As I stated earlier the borrowings rocketed during the year. The first reason for the increase in debt was the negative cash generation from operations of Rs 918 m. The negative cash flow in the preceding year was miniscule-but negative nevertheless. The rise in negative cash generation was also occasioned by a sharp spurt in the year end value of inventories by Rs 4 bn against an increase of Rs 650 m previously. Therefore the company had perforce to borrow a whopping amount of Rs 9.5 bn on capital account to partly fund the purchase of fixed assets, to invest in the equity of siblings, and to advance loans to siblings etc. (The parent is a milch cow you see). The net book value of its investments in the equity of its group companies at year end amounted to Rs 8.7 bn-upfrom Rs 6.7 bn previously. The single biggest investment is in the 9% non-convertible debentures issued by its sibling Coromandel International with an investment value of Rs 2.65 bn. The second biggest is in the equity of another sibling Silkroad Sugar Pvt Ltd. The Rs 10 face value shares were acquired at a price of Rs 21.50 per share for a total consideration of Rs 2.47 bn. Third in line is the Rs 1.20 bn invested in the equity of Coromandel International, and followed by the equity stake of Rs 1.18 bn plonked down on Sadashiva Sugars Ltd. The only other investment of value is the Rs 704 m invested in US Nutraceuticals LLC. Collectively these investments add up to Rs 8.20 bn, and they are here for keeps irrespective of whether they give any returns or not. This is a cross that the company has to bear.
The net effect of all these shenanigans is that the dividend of Rs 1 bn paid out during the year came from additional borrowings! It is no comfort that the dividend of Rs 695 m paid out in the preceding year came from the same source. Not exactly the right way to manage the affairs of a company of the size of E.I.D. Parry, but that is the reality of the matter. And, as I stated earlier, the tithes that the parent earned during the year from these investments and advances were as follows-debenture interest of Rs 165 m, interest of Rs 135 m on loans and advances, and dividends on long term investments of Rs 532 m.
The many siblings
What adds to the feeling of being let down is the financials of the 26 siblings and their underlings and such like. The list of worthies includes eight companies based out of foreign shores, and five others which became siblings during the year. The more the merrier is the apparent name of the game. Just three of the 26 entities -Coromandel International, CFL Mauritius, and Liberty Phosphates--declared any dividend during the year. What exactly is the dividend payment policy as regards the siblings please? Barring Coromandel International -formerly Coromandel Fertilisers - the rest of the entries are largely of the comical variety. Take two of the siblings, Sadashiva Sugars and Silkroad Sugars, as a case in point. The former has a paid up capital of Rs 1.1 bn and negative reserves of Rs 876 m. On a total income of Rs 1.2 bn it generated a pre-tax loss of Rs 300 m. Silkroad is fast getting there. On a paid up capital of Rs1.16 bn it has negative reserves of Rs 150 m. On a total income of a mere Rs 31 m -that is right Rs 31 m -it was out of pocket by Rs 658 m at the pre-tax level. How do such figures become possible? Does this company manufacture any sugar at all?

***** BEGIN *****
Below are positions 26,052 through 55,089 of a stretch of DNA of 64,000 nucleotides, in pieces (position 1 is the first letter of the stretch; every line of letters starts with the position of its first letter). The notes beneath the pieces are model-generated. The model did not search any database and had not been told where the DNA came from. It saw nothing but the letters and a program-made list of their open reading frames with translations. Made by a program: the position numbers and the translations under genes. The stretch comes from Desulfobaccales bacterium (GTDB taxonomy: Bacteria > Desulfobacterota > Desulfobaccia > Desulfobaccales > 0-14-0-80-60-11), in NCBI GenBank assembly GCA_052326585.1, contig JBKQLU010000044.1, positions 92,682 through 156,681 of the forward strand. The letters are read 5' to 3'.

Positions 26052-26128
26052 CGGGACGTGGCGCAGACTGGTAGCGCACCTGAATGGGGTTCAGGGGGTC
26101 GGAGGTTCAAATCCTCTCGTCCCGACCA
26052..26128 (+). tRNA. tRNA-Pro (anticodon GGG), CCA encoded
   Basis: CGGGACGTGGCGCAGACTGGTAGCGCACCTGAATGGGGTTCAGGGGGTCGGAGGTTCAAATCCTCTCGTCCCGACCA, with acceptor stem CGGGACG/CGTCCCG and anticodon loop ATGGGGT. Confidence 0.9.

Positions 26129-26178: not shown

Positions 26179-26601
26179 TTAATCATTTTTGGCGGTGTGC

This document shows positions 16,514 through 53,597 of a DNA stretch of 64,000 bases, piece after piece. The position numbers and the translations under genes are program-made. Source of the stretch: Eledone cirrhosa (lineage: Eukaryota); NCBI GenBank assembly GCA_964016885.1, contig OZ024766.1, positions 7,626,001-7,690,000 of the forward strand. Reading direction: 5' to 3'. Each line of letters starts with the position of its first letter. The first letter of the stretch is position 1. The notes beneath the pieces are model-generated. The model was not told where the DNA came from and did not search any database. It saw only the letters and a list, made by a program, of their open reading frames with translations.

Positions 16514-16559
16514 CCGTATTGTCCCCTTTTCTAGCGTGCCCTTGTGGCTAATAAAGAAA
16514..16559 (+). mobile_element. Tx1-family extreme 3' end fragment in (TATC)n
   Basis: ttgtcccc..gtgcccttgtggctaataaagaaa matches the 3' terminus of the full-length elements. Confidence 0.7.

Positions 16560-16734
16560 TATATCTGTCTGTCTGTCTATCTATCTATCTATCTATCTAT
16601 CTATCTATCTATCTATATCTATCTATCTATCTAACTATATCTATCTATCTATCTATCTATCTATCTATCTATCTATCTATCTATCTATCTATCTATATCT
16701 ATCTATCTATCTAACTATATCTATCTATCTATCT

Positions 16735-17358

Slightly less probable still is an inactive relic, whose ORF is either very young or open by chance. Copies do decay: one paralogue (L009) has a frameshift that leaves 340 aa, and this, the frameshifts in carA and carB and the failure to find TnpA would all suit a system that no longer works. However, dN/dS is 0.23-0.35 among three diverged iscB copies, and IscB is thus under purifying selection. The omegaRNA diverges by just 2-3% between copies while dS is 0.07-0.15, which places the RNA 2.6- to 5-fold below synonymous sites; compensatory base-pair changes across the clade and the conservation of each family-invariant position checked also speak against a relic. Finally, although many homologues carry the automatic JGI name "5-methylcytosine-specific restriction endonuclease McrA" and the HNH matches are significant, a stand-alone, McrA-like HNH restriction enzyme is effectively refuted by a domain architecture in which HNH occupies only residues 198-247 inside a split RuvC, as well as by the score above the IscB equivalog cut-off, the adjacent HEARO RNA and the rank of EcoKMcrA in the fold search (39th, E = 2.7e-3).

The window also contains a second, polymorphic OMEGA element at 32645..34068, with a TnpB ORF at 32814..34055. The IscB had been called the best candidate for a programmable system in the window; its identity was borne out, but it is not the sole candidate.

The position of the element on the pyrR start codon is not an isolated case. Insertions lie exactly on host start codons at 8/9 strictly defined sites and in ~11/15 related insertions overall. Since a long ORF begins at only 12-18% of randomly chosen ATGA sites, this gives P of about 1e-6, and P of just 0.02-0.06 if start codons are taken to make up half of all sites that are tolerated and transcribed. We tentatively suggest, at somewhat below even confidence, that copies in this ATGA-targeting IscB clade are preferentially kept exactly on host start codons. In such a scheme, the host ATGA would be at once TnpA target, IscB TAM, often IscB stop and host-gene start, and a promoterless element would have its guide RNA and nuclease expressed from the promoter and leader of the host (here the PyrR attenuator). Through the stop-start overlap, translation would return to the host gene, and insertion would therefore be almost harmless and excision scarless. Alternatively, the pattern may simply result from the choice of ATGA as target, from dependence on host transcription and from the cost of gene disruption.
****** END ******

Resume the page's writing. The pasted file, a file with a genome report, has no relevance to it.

US Nutraceuticals LLC, a foreign entity denominated in US dollars is on a slightly better wicket. On a paid up capital of Rs 1.06 bn it had negative reserves of Rs 579 m. On a total income of Rs 807 m it managed to scrape a bottom-line in black ink of Rs 11 m. Another amusing entry is that of CFL Mauritius -obviously a holding company of sorts located in a tax haven. It has investments of the book value of Rs 1.95 bn. It has a generous paid up capital of Rs 777 m and magnanimous reserves of Rs 989 m. But it generated an income of only Rs 27 m along with a pre-tax of Rs 5 m. From the looks of it from where did this company generate such humungous reserves please? Amazingly enough it declared a dividend of Rs 491 m. What is the magic mantra here please?
Parrys Sugar Industries is another washout it appears. (There are six companies in the list sporting the Parrys name). On a paid up capital of Rs 375 m it has negative reserves of Rs 221 m. On revenues of Rs 1 bn it generated a negative profit of Rs 129 m. There are a few highfliers too-- relatively speaking that is. Like Liberty Phosphates which incidentally became a sibling during the year. On revenues of Rs 4.7 bn it ponied up a pre-tax profit of Rs 454 m. Or Parry Infrastructure -the real estate arm of the group. On revenues of Rs 647 m it generated a pre-tax of Rs 52 m.
By and large the list makes for a mishmash of siblings. In what manner if any they gel with the parent makes for a story in itself. The siblings have in any case very limited interactions with the parent in terms of goods purchased from the parent or goods sold to the parent. They are more of the standalone variety. It would appear prima facie that the parent is primarily interested in becoming a conglomerate - irrespective of what it takes to do so.
Disclosure: I hold 990 shares in the company
This column Cool Hand Luke is written by Luke Verghese. Luke has been a business journalist, financial analyst and knowledge management head with a professional experience of more than 20 years. An avid watcher of the stock market, he has written extensively on stock market trends. His articles have featured in Business Standard, Financial Express and Fortune India amongst others. He has also been the Deputy Editor, Fortune India and the Financial Editor of The Business and Political Observer.